One thing our culture has not done particularly well, if you ask me, is to differentiate between the "mentally ill," the lunatics who stand on the corner and tell you when the world's going to end and the exact temperature of the molten lava that's about to engulf us, and the "mentally ill," Joe or Susan Sixpack with maybe some minor differences in brain chemistry, just enough to make either of them scream into the night.
I take both Abilify and Wellbutrin and they combine to stabilize my moods and keep my anxiety and depression at bay, among other things. They work well for me. The though of living without one of them is just short of terrifying.
We are all imperfect, all flawed. I spent some time on industrial-strength antipsychotics half a lifetime ago, largely because I was making noises about making that half into a literal whole. One amusing aspect of it all, I discovered later, is that after twiddling the prescription for several weeks admittedly, more easily done when one is institutionalized the dose that actually worked turned out to be just this side of Major Toxicity.
We really don't know enough about the probabilities of the DNA dice. And I suspect that once we do, health insurance as we (used to) know it will be deader than dance wax, because they'll know what's going to happen, and that knowledge will not be retconned into pre-existing conditions because that costs money.
And the number of pills I have to take well, two Pharmacy Rewards certificates arrived from Target yesterday, payback for ten prescriptions filled. I hadn't gotten one of these since, oh, a week or so after Thanksgiving.
I'm constantly receiving messages that I'm weaker for taking medications. I hear over and over again the message "just get over it" or "try harder to be happy" or "it's all in your head." I hear that taking meds are a crutch. I've internalized all that and it hangs over me every day as I gulp down my "quick fixes."
"Just get over it" works exactly as well as "get up and run" works for someone who's just been hit by a bus. And I suspect that every last one of us has a crutch of some sort, though we're programmed to deny its existence; the louder the denial, the less I believe it. The Apocalypse Soon guy on the street corner? He's probably had some, let's say, bargain-priced crutches over the years, but I'm not going to denounce some poor soul for seeking out the little bottles containing the magic words "Kentucky Straight" while there are nine liters of Royal Crown Cola only a few steps away from me.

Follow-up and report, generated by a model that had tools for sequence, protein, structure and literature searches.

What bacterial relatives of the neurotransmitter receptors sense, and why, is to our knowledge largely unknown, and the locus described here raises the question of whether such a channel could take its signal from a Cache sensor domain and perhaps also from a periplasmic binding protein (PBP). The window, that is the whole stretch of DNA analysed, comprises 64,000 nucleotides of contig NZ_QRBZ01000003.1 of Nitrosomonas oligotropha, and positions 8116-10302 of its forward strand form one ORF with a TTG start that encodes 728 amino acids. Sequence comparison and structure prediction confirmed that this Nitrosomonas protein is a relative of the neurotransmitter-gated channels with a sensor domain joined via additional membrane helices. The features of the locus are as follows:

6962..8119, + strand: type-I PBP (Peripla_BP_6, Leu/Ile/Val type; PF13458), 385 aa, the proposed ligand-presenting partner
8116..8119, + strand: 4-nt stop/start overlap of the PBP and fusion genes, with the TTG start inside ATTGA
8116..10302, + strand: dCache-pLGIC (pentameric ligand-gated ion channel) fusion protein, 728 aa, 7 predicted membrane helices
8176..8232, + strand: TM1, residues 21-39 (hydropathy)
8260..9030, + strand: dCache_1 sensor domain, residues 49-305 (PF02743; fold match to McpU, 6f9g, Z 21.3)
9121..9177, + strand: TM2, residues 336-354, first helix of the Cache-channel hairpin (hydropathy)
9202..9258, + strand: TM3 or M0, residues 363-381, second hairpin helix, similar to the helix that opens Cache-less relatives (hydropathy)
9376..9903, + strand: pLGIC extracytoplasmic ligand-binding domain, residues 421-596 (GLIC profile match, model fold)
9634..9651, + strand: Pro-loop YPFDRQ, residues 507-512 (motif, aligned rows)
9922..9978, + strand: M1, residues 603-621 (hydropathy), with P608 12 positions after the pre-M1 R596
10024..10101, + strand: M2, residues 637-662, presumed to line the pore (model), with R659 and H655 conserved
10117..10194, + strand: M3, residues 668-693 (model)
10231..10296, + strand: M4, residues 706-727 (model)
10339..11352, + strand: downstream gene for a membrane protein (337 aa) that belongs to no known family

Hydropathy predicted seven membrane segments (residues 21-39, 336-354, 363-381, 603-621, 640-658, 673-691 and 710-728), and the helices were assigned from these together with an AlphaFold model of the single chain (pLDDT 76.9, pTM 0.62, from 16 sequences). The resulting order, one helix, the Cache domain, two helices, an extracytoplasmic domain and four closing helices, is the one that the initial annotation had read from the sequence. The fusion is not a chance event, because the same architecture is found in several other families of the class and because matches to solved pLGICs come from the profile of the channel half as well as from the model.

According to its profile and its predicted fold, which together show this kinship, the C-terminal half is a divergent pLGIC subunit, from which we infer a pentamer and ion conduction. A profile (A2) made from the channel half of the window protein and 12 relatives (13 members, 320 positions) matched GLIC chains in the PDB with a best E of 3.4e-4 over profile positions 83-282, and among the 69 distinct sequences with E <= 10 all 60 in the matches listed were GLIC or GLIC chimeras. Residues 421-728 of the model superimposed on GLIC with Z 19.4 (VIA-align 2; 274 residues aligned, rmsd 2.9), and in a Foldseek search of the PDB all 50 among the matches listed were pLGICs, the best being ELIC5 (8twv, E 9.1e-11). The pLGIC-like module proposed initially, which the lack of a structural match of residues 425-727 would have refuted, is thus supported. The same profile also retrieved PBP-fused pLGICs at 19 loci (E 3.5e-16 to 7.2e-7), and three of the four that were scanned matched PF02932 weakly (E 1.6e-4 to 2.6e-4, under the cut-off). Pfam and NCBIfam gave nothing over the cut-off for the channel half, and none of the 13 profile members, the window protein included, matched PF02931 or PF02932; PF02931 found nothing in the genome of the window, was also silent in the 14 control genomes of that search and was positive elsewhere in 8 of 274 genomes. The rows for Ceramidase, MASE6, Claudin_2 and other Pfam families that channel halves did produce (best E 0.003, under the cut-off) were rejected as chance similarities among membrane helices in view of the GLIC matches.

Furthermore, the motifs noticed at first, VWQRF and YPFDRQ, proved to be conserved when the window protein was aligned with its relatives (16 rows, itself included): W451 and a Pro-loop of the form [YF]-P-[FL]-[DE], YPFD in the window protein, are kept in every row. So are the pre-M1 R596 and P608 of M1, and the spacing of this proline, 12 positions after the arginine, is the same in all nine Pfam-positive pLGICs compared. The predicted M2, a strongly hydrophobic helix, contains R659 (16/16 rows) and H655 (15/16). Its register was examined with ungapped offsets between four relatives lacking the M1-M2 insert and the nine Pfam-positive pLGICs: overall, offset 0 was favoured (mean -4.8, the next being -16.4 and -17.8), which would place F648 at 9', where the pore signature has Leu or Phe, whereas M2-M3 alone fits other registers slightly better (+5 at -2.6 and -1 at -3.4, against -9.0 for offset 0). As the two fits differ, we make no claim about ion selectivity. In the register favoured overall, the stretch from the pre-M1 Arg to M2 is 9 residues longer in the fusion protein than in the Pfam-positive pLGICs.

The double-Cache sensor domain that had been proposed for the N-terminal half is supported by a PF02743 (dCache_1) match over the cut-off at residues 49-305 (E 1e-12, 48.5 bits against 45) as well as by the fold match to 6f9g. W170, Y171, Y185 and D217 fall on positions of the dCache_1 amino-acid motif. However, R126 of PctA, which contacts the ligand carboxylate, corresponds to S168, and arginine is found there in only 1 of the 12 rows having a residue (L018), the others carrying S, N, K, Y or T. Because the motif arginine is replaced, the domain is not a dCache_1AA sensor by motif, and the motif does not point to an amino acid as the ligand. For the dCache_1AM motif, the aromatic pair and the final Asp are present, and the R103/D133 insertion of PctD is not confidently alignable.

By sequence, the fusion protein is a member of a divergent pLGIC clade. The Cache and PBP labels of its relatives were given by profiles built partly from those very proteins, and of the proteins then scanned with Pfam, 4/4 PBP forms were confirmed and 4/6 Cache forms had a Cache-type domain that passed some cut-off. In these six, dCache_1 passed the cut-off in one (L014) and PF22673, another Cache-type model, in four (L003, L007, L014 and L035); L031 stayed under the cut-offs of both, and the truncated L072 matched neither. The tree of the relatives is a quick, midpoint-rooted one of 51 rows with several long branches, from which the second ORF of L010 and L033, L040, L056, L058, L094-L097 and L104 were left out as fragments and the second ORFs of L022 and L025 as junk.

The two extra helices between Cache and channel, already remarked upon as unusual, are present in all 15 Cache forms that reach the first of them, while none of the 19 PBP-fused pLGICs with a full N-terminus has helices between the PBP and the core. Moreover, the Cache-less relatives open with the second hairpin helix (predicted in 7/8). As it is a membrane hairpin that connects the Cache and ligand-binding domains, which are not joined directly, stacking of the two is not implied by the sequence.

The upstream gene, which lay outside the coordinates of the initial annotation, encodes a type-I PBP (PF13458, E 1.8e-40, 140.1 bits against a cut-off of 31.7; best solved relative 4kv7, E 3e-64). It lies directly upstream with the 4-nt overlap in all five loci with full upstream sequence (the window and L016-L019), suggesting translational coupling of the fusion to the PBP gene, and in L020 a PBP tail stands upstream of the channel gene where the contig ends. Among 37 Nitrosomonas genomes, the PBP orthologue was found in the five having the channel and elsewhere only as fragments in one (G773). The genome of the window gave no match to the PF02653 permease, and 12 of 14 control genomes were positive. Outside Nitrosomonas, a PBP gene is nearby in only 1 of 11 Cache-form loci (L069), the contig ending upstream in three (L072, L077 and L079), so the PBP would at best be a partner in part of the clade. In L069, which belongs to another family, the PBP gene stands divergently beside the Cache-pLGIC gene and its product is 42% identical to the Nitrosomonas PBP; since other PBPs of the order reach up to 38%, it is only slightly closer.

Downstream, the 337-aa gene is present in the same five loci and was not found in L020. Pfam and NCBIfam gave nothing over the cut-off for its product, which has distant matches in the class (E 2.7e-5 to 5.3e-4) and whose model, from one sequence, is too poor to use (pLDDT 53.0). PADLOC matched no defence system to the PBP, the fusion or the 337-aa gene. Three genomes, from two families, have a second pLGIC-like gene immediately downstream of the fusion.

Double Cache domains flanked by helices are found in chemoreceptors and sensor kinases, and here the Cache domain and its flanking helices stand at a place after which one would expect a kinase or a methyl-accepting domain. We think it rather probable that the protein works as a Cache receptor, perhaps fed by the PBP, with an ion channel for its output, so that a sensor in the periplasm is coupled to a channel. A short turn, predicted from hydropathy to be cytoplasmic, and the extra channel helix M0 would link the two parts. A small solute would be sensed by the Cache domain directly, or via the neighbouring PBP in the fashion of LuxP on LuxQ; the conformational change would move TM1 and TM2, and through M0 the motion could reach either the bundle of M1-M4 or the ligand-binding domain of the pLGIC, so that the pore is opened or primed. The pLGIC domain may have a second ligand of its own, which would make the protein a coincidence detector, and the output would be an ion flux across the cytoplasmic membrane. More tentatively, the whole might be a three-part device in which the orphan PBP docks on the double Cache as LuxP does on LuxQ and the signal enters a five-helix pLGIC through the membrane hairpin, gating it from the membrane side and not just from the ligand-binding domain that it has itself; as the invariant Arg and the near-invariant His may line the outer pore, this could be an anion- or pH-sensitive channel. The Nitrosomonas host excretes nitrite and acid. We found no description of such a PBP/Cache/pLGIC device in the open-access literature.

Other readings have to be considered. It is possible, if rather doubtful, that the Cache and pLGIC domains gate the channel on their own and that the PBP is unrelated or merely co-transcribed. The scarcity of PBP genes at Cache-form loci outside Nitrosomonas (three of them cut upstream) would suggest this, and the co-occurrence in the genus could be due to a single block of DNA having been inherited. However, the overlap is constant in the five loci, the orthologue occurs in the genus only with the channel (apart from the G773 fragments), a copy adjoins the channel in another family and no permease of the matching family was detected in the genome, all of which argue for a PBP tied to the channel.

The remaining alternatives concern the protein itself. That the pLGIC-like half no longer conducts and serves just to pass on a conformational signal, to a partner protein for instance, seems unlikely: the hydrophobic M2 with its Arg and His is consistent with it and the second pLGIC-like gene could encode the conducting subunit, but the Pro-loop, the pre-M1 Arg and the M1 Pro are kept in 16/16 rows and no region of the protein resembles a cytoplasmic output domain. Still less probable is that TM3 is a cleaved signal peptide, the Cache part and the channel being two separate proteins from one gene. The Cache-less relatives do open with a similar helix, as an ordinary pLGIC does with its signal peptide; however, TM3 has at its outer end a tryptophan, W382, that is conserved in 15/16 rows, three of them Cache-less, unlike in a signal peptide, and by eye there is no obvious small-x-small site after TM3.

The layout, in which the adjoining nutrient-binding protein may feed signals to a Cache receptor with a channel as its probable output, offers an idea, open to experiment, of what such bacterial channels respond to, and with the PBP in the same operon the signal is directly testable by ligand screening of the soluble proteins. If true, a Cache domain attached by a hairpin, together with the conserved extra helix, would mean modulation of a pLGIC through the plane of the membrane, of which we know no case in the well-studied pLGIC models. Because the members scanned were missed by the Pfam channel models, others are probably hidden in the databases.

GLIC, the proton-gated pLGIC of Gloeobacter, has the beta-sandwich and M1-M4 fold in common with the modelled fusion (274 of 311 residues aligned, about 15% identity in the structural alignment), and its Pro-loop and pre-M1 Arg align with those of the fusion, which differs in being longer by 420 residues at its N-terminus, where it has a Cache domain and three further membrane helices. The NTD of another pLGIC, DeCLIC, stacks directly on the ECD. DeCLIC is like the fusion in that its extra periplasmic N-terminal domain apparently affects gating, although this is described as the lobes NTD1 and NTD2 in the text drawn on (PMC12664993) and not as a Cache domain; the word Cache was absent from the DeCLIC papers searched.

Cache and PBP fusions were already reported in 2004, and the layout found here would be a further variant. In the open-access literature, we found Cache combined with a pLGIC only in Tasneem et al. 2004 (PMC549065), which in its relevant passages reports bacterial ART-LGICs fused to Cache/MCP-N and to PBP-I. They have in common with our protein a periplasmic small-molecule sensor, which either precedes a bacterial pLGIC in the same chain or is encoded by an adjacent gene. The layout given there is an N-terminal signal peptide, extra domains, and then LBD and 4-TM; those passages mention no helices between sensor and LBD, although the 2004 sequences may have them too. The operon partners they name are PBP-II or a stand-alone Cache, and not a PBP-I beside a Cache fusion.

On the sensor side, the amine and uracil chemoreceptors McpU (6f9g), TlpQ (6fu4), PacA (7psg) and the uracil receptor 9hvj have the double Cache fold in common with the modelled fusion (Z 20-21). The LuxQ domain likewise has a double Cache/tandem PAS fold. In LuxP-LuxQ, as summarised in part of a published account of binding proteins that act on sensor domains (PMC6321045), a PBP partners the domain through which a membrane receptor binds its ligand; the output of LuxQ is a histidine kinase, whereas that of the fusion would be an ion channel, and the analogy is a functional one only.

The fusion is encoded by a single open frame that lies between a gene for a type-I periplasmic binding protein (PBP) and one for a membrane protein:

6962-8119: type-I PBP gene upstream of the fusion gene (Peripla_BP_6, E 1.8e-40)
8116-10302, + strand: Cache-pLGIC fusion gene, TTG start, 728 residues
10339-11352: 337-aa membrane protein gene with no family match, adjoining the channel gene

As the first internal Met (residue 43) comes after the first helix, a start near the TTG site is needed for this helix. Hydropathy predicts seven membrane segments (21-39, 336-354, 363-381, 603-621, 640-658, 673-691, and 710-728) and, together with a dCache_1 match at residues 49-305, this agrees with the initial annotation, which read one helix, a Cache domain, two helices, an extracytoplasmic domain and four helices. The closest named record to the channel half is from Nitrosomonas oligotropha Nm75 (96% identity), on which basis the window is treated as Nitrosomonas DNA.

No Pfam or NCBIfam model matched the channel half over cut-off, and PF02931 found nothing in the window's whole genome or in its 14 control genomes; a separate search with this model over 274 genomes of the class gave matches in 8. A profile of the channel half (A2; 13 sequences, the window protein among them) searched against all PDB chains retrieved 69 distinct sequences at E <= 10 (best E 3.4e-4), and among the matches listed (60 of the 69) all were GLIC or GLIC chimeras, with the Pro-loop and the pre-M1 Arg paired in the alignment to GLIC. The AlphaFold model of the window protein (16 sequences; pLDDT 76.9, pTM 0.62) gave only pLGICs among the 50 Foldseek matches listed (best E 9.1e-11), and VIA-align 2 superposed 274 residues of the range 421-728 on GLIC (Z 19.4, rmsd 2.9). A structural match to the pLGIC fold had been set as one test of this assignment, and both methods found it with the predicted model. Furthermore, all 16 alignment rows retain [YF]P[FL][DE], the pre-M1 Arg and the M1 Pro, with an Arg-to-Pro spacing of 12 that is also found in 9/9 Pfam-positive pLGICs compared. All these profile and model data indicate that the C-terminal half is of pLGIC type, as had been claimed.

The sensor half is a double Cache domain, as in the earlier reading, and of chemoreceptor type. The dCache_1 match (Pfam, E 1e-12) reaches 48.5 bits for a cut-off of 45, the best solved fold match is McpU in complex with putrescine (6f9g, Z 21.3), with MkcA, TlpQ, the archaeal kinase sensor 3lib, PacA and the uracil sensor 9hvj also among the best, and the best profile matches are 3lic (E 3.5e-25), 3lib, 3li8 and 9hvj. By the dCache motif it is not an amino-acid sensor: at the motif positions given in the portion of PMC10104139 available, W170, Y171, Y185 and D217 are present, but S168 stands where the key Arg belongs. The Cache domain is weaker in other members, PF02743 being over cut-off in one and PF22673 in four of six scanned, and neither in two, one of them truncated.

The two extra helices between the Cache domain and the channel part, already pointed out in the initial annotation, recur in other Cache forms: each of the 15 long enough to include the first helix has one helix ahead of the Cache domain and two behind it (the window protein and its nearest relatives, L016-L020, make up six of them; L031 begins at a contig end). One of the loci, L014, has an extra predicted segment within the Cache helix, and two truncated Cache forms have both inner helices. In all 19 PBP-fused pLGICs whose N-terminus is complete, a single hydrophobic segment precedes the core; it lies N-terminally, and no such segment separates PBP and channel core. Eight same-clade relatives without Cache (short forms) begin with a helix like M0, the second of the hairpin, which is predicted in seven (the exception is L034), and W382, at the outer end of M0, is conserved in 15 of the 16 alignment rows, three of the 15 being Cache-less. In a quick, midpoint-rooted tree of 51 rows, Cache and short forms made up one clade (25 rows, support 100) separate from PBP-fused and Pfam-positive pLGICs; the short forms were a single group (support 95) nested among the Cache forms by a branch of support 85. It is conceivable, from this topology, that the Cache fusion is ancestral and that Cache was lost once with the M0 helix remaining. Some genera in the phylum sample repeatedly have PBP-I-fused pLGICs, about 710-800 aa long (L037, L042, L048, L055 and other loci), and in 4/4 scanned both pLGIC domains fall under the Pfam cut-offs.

None of my fixes have been quick; while I'm no longer on the antipsychotics I have one tablet left, long past its expiration date, which I keep as a reminder most of the stuff I do take daily, I've been taking for years and years. And said stuff does include a couple of things that work on the brain, albeit at somewhat lower levels. I figure, as long as I don't have to increase the dosage, I'm, if not exactly fine, at least not as bad off as I could be.
Still, all these pharmaceutical wonders cost money, and fortunately for me, I've only dealt with two brand-name tabs in the last couple of years, one of which I abandoned for lack of perceived usefulness. My physician doesn't fuss over these departures from ritual, now that he's noticed that, for instance, the difference in cholesterol level between heavy statin use and zero statin use has proven to be negligible. (I think I've hit over 200, the alleged warning level, exactly once in the last two decades.) Statins, however, are mostly cheap. The tab I gave up was $300 for a bottle of thirty, which, incredibly, is fairly cheap as such things go:
Turns out the patent for Abilify had expired, and the generic wouldn't be available until April. Meanwhile, [insurance carrier] wouldn't cover it anymore, pending a switch over to the generic. That I couldn't get for three months.
Three hundred bucks at her local pharmacy would buy nine of those tabs almost. Stretch that to ninety days? Not a chance in the world.
It's like anything else you have to have: a roof over your head, food, utilities. You write the check and you go on. And once you've written enough checks, you don't think about it quite so much: it's just one more expense in a life that's full of them.
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Copyright © 2015 by Charles G. Hill